This headline has to be mistake, right? After all, as an article in the Montreal Gazette reminds us, it is conventional wisdom that Canada is “more compassionate than its rough-and-tumble neighbour to the south.” This story might change that conventional wisdom:
[W]ith no prior consultation with the provinces or health-care professionals, the federal government recently announced that it will make drastic cuts to the Interim Federal Health Program – the health-care program for people seeking refugee status in Canada – effective June 30.
No medication will be provided to these refugee claimants unless there is a public-health-and-safety angle. So, for example, a woman who arrives on July 1 from Syria or Eritrea (or choose any country with a similar human-rights record) whose story of persecution is solid, and who is extremely likely to be recognized as a refugee once she has her hearing, will be denied medication if she is, say, diabetic, or has cancer or heart disease. No hospital treatment will be provided to refused refugees. So, for example, claimants who receive a negative decision but cannot be removed right away because their country is viewed by the Canadian government as too dangerous (the current list includes Haiti, the Democratic Republic of Congo and Afghanistan) will be denied hospital treatment for everything from kidney failure and cancer to broken limbs.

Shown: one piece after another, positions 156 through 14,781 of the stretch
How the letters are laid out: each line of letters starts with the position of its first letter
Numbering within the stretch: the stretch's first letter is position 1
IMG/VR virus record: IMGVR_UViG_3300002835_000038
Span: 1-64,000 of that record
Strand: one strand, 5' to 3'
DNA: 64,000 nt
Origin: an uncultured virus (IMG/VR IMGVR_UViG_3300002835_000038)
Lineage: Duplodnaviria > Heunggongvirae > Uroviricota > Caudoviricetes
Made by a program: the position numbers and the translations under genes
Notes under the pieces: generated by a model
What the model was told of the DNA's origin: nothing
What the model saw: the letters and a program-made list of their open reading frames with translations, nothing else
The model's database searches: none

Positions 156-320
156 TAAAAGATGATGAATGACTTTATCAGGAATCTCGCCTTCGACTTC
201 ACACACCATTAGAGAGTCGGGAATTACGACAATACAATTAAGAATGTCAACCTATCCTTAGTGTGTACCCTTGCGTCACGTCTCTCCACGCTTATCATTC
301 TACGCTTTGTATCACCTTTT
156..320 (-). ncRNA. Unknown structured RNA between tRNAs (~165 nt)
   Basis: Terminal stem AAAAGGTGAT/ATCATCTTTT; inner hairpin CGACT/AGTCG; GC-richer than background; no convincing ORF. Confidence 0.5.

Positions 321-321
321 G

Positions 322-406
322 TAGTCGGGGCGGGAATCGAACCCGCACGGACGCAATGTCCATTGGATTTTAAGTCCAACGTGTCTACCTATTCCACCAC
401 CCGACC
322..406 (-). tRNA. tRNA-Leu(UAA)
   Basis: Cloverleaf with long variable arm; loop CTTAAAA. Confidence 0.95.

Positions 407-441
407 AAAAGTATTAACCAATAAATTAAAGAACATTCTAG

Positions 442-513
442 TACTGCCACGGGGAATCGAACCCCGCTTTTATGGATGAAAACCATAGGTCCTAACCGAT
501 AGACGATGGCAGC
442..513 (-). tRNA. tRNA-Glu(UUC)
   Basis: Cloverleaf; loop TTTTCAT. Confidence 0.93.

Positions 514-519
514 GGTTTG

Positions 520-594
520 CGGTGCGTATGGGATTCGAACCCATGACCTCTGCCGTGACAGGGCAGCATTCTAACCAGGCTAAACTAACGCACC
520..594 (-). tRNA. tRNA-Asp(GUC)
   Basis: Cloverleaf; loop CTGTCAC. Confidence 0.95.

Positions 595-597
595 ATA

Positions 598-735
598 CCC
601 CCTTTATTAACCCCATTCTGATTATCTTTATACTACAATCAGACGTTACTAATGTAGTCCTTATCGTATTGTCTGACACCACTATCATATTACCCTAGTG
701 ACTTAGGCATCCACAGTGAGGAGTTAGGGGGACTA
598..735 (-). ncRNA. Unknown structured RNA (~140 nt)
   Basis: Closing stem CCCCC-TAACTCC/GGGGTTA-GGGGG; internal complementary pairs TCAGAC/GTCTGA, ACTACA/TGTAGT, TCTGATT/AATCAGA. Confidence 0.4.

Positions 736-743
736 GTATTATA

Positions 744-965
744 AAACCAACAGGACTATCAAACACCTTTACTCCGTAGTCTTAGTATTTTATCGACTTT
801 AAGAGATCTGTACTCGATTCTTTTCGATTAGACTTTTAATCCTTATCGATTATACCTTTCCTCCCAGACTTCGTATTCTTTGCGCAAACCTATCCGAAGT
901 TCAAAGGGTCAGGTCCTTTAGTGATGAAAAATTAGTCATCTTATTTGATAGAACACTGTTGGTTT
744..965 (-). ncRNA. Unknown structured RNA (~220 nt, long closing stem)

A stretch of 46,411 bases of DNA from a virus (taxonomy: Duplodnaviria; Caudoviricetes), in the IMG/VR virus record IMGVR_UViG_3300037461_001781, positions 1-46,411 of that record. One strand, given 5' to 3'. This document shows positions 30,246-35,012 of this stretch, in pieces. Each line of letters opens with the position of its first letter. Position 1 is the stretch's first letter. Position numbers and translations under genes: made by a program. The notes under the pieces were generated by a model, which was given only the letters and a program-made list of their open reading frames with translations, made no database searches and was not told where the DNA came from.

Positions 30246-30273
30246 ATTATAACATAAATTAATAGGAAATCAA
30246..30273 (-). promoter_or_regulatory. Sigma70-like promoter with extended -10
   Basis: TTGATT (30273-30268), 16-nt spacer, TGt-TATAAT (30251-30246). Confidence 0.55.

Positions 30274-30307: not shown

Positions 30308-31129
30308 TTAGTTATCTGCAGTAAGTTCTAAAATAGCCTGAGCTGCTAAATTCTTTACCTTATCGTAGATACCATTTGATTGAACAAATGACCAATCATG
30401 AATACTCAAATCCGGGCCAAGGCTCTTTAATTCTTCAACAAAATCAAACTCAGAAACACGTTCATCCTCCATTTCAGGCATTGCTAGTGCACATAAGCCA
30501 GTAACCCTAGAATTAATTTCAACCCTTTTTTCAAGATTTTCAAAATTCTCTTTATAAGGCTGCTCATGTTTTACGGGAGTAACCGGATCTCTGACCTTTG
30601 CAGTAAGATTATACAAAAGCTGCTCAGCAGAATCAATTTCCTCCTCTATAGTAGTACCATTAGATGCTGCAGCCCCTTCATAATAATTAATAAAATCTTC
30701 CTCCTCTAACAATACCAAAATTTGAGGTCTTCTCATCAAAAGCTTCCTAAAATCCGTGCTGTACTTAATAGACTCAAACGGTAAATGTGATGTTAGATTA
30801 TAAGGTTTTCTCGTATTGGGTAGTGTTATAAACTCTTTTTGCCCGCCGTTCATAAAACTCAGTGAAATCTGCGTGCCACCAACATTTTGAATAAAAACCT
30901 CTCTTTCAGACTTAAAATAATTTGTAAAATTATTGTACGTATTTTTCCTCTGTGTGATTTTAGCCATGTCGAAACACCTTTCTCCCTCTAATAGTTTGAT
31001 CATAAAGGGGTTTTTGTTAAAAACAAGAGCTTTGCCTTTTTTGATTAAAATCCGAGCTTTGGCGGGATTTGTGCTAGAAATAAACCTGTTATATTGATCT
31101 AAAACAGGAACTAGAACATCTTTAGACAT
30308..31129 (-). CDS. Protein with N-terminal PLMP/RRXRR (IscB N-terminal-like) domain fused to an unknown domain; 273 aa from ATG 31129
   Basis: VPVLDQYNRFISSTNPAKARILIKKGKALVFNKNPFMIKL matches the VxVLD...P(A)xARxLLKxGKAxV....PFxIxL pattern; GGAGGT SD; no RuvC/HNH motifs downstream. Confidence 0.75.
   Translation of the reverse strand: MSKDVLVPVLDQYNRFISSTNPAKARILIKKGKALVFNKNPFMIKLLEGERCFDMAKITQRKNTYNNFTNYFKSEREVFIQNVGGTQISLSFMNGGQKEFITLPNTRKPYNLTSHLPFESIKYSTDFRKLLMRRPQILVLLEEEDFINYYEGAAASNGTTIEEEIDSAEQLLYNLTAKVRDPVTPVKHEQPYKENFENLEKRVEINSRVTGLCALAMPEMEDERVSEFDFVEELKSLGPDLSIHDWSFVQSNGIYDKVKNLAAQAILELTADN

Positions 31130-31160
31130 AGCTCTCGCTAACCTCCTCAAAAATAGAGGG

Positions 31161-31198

The reasons given, of course, connect to the very real and near-universal (developed-world) problem of trying to find a solution to the spiraling costs of health care in societies with people that are living much longer but have fewer and fewer children–especially when that health care is delivered by government entities hamstrung by huge problems with debt, waste, fraud, and politics. However, the Catch 22 we’ve been dealing with in our American public debate over health care is brought to bear in this new debate in Canada as well:
Citizenship and Immigration Canada says it will save about $100 million over the next five years with these cuts. However, many health-care professionals view this as largely a transfer of costs to the provinces, because people denied life-sustaining medication and treatment – at least those who don’t wish to just curl up and die – will end up at hospital emergency rooms, where they will be treated at high cost and released until their next crisis.
There is no way out of the the heart-wrenching problem that we cannot fund everyone’s health care. But hopefully Canadian Christians will stand up and be counted in this debate and argue that what matters primarily is not citizenship status, but a preferential option for the most vulnerable. And given that it is difficult to imagine a more vulnerable population than refugees in a strange land in need of life-saving medical care, they should have priority.